Posting on the phone! I have just upgraded and the update is absolutely flawless and can be considered as a dail


And the only flaw is it cuts off in the middle of messages if you try to type "daily driver"?


That's the joke.


It seems premature to make such a proclamation right after updating.


I felt the same and had mentally prepared for a factory reset, and all the pains that accompany having to re-setup a phone from scratch.

I upgraded anyway.

I have literally had nothing break or change for the worse, and moreover, the phone (Pixel XL) is noticeably more responsive. I was such a ludicrously smooth upgrade I have been actively looking for colleagues to compliment on the work.


installed it about 3 hours ago and it definitely feels good enough to use as a daily driver


Do you feel it is worth the upgrade ?


Yes! It feels.. very polished. The new notifications and settings area are just awesome. Also the app drawer is pretty great. And the animations... smooth as butter!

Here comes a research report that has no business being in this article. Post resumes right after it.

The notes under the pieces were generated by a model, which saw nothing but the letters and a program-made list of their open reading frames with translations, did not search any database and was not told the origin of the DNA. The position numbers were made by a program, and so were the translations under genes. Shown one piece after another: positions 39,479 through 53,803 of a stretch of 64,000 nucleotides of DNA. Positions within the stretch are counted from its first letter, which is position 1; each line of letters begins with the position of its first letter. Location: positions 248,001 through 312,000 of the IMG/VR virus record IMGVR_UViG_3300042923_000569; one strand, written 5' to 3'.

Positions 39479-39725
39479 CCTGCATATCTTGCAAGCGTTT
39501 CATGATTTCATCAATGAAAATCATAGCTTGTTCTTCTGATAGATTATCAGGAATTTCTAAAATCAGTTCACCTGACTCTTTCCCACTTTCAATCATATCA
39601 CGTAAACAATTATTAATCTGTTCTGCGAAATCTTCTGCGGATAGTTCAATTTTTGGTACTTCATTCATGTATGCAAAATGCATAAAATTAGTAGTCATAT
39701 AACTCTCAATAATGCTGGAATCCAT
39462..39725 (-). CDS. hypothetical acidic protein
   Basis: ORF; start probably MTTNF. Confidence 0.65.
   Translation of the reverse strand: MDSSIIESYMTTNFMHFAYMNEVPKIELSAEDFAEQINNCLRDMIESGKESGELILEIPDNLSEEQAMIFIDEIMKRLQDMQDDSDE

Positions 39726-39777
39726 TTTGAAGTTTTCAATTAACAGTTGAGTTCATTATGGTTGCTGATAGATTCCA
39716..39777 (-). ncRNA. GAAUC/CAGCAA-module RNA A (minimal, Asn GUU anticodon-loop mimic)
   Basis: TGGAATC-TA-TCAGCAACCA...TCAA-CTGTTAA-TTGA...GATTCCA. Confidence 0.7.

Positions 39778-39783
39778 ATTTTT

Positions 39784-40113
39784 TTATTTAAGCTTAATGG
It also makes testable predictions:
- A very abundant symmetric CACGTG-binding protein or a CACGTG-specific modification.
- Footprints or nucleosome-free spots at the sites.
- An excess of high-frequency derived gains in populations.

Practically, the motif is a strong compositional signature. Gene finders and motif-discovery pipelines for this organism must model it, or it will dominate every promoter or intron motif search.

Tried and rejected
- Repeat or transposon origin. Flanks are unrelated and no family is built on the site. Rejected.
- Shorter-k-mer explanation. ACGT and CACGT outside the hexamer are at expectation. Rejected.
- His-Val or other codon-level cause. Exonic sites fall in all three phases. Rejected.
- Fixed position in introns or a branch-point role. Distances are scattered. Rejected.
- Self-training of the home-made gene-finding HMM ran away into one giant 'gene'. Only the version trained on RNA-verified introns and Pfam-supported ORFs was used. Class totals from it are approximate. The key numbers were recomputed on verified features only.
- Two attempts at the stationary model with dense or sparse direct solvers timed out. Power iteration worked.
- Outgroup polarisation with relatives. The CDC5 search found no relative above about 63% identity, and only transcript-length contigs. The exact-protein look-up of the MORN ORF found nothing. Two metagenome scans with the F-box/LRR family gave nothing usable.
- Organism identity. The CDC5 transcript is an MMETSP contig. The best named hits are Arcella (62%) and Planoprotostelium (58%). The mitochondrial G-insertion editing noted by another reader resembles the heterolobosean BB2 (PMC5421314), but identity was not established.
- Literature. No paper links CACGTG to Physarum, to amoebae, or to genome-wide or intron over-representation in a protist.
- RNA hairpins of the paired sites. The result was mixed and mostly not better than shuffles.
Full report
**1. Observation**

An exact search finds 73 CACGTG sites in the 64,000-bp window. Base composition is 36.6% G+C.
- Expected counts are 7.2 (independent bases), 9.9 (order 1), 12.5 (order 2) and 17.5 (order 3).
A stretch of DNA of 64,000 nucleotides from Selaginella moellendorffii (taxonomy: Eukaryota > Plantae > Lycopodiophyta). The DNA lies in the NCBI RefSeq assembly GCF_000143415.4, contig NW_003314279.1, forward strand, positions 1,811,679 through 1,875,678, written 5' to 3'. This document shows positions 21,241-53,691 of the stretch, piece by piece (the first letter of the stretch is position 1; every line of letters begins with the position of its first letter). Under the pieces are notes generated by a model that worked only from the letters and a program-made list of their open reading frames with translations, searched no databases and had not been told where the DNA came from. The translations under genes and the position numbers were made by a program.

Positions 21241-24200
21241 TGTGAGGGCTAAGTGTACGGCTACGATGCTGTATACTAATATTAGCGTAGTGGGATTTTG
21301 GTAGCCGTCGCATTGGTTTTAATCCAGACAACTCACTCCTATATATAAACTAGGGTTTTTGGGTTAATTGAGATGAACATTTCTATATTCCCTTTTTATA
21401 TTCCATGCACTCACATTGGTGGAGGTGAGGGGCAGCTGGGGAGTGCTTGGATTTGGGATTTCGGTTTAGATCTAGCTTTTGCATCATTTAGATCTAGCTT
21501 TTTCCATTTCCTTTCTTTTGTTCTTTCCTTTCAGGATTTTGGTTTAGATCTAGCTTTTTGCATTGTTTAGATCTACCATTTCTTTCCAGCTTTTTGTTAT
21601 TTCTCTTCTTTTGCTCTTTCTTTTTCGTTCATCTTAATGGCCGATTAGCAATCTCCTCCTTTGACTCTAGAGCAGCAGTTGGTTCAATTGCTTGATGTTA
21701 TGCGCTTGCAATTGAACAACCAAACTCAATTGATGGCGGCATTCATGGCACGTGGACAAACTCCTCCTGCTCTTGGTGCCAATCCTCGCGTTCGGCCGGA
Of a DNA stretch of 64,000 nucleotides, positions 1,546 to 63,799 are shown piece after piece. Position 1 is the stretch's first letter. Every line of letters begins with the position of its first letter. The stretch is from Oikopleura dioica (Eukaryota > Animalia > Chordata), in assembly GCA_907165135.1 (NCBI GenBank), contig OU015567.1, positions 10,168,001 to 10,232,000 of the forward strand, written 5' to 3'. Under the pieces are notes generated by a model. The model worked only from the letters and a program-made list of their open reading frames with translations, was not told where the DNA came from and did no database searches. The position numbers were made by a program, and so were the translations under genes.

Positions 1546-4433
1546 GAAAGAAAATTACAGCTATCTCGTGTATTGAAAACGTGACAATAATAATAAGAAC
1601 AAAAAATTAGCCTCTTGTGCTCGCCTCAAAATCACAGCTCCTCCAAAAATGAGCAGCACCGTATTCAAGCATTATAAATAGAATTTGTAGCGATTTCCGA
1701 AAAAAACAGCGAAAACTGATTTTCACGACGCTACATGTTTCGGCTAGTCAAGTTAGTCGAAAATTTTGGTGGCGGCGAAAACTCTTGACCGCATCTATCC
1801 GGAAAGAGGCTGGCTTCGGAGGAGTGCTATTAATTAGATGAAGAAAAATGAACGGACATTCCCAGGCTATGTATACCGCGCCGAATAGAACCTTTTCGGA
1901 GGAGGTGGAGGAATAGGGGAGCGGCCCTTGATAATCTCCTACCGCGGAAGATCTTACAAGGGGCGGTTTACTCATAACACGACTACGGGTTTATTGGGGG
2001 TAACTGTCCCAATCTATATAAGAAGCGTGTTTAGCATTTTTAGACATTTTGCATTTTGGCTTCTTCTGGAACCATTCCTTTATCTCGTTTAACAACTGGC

Until you discover in X months that moving from the beta to release versions that get security updates requires wiping your phone.


This is not the case if you installed the beta via the beta tester program (and thus received the beta via OTA) and wait until P is released.

If you flashed the beta manually or want to downgrade, then yes, you need to wipe and flash.


You have to wipe the phone to upgrade to the release version? Might change my mind about installing the beta.


If you do OTA (over the air) updates, no, you don't need to ever wipe your device. At the end of the beta they'll just push the retail version and de-enroll your device.

This is my third beta (8 and 8.1) and I never wiped.


famous last words


Still here! Definitely stay away from preview release on your main phone, but once Google slaps beta on a build stuff is pretty stable (have not tried in car Bluetooth yet -- knock on wood).

As a dev, days like these are the ones where I get my moneys worth buying into Googles hardware :)


Updated. Runs smoothly without any apparent bugs so far.

You have to enable the new gestures manually, it seems. Also, none of the new app features demonstrated in the conference seems to have made it to this beta. :(